We’re back to a double digit lead with Ipsos-Mori

We’re back to a double digit lead with Ipsos-Mori

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    But why is this against the trend of other recent surveys?

A new poll by Ipsos-MORI for the Sun today goes completely against the run of other recent surveys and reports that Cameron’s Tories now have a 10% lead.

The following are the shares with changes on the last survey from the pollster before Christmas – CON 42(nc): LAB 32(-3): LD 15(+1)

After a period when Populus, YouGov and ICM have all reported Labour deficits of within 5% today’s survey goes very much against the way things seemed to be going. It also comes after a quiet period for UK politics in general and for the Tories in particular. Generally the main opposition party does better when it is making the news.

Given the effort that Brown has put into the New Year with the “re-launch” that cannot be called that this could be quite worrying. This week he has hardly been off our TV screens with one announcement after another which he has made personally rather than leaving it to the responsible minister like Alan Johnson.

My reading is that Ipsos-MORI’s very strict turnout filter might be a factor. The pollster only includes in its headline figures the voting intentions of those who are 100% certain to vote. ICM includes those who rate their certainty from 70% and above while Populus includes those of 50% certainty or more and weights their response in line with the certainty number. YouGov does not have a turnout filter.

One consequence of the Ipsos-MORI approach is that their non-voting intention questions are based on the responses of a different and broader group of people than the voting intention ones. So we have the apparently contradictory ratings of Brown doing better on “most capable PM” and “best in crisis” in a poll that sees his party 10% behind.

    Ipsos-MORI need to get their act together on this one. If the views of the less than the “100% certains to vote” are not deemed important enough to include in the headline figures then the same should apply to other findings. At least we ought to be shown the comparative data.

So good news for the Tories and bad news for Labour. As we always say let’s see what the next poll reports – with a bit of luck there might be something new in the Sunday papers.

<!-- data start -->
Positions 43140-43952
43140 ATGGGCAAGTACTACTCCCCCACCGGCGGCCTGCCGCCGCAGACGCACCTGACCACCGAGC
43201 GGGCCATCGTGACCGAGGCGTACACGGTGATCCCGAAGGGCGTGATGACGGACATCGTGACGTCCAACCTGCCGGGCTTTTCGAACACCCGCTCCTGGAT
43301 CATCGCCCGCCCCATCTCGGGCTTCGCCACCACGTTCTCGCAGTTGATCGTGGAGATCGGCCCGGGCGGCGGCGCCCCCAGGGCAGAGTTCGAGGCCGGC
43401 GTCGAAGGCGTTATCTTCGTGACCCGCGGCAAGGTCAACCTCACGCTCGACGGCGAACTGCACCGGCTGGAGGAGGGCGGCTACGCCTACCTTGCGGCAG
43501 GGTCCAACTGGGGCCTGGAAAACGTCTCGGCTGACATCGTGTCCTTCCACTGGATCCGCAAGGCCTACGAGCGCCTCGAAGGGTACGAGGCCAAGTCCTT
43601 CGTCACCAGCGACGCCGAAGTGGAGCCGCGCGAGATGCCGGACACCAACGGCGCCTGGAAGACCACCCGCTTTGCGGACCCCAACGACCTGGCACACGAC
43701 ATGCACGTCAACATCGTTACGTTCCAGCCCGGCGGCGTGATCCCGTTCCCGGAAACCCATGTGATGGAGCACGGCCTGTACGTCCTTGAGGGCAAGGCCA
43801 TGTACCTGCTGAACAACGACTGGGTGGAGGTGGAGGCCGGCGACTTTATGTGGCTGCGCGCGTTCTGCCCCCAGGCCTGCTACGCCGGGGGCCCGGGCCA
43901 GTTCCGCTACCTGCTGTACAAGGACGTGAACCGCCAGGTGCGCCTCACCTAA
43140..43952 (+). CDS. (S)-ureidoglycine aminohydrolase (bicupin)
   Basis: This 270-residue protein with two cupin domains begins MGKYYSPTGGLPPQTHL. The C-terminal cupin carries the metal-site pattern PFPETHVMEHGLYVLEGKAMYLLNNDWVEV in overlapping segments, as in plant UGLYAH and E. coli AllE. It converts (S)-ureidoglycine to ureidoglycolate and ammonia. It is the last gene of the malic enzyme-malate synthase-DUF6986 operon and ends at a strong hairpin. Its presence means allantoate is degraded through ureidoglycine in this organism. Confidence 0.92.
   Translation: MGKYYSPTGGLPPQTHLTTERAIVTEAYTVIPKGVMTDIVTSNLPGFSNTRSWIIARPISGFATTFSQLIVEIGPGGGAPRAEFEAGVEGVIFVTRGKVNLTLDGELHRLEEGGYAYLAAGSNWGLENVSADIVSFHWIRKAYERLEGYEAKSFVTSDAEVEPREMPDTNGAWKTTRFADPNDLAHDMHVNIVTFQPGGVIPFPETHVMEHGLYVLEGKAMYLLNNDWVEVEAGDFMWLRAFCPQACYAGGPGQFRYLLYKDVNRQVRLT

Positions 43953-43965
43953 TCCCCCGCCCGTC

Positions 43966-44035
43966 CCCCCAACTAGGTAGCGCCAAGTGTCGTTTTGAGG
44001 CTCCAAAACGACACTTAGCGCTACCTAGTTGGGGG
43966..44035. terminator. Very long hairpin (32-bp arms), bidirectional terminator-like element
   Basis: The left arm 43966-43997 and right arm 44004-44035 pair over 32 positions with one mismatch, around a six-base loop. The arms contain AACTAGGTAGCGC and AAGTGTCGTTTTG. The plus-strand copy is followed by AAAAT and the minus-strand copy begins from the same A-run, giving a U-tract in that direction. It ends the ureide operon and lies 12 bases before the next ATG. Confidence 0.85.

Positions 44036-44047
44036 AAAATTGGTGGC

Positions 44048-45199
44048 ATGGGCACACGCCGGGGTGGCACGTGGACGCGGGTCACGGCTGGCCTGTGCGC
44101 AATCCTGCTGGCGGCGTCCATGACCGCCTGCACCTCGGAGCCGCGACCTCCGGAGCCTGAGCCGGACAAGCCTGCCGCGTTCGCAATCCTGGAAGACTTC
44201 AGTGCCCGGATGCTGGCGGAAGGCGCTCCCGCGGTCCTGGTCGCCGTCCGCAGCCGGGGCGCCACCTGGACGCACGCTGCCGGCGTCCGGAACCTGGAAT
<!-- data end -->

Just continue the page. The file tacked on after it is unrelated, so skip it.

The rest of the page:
UPDATE Some observations from Ipsos-MORI: I’ve had the following email from the firm’s Julia Clark:

Just a little reminder to watch the share rather than the lead. As you know, with a margin of error of +/-3%, our poll today for the Sun is not as far out from the recent Populus poll (and other recent polls) as you imply in your commentary. We have shown an increase in Tory share (Populus was at 37% and our poll shows the Tories on 42%), but the Labour share (33% to our 32%) does not show a notable change for Labour over the last week.

I believe that issues like Peter Hain’s donation scandal could well have given the Tories a boost, as they represent a continuation on from the scandals that rocked Labour before Christmas. Labour continues to flounder a bit, and remain just above their ‘core’ support level of 30%. My point here is that Labour support is unlikely to drop BELOW this figure because it represents the core of Labour voters — however ‘floating’ and otherwise unaffiliated voters who are unhappy with the problems that Labour party is having are more likely to allocate their vote to the Tories or LibDems — and it looks as though they have chosen the Tories.

FURTHER UPDATE: The fieldwork for the poll was carried out on Wednesday and Thursday and MORI have taken on board my point about the non-voting questions and will provide comparative data on their site on Monday.

Mike Smithson

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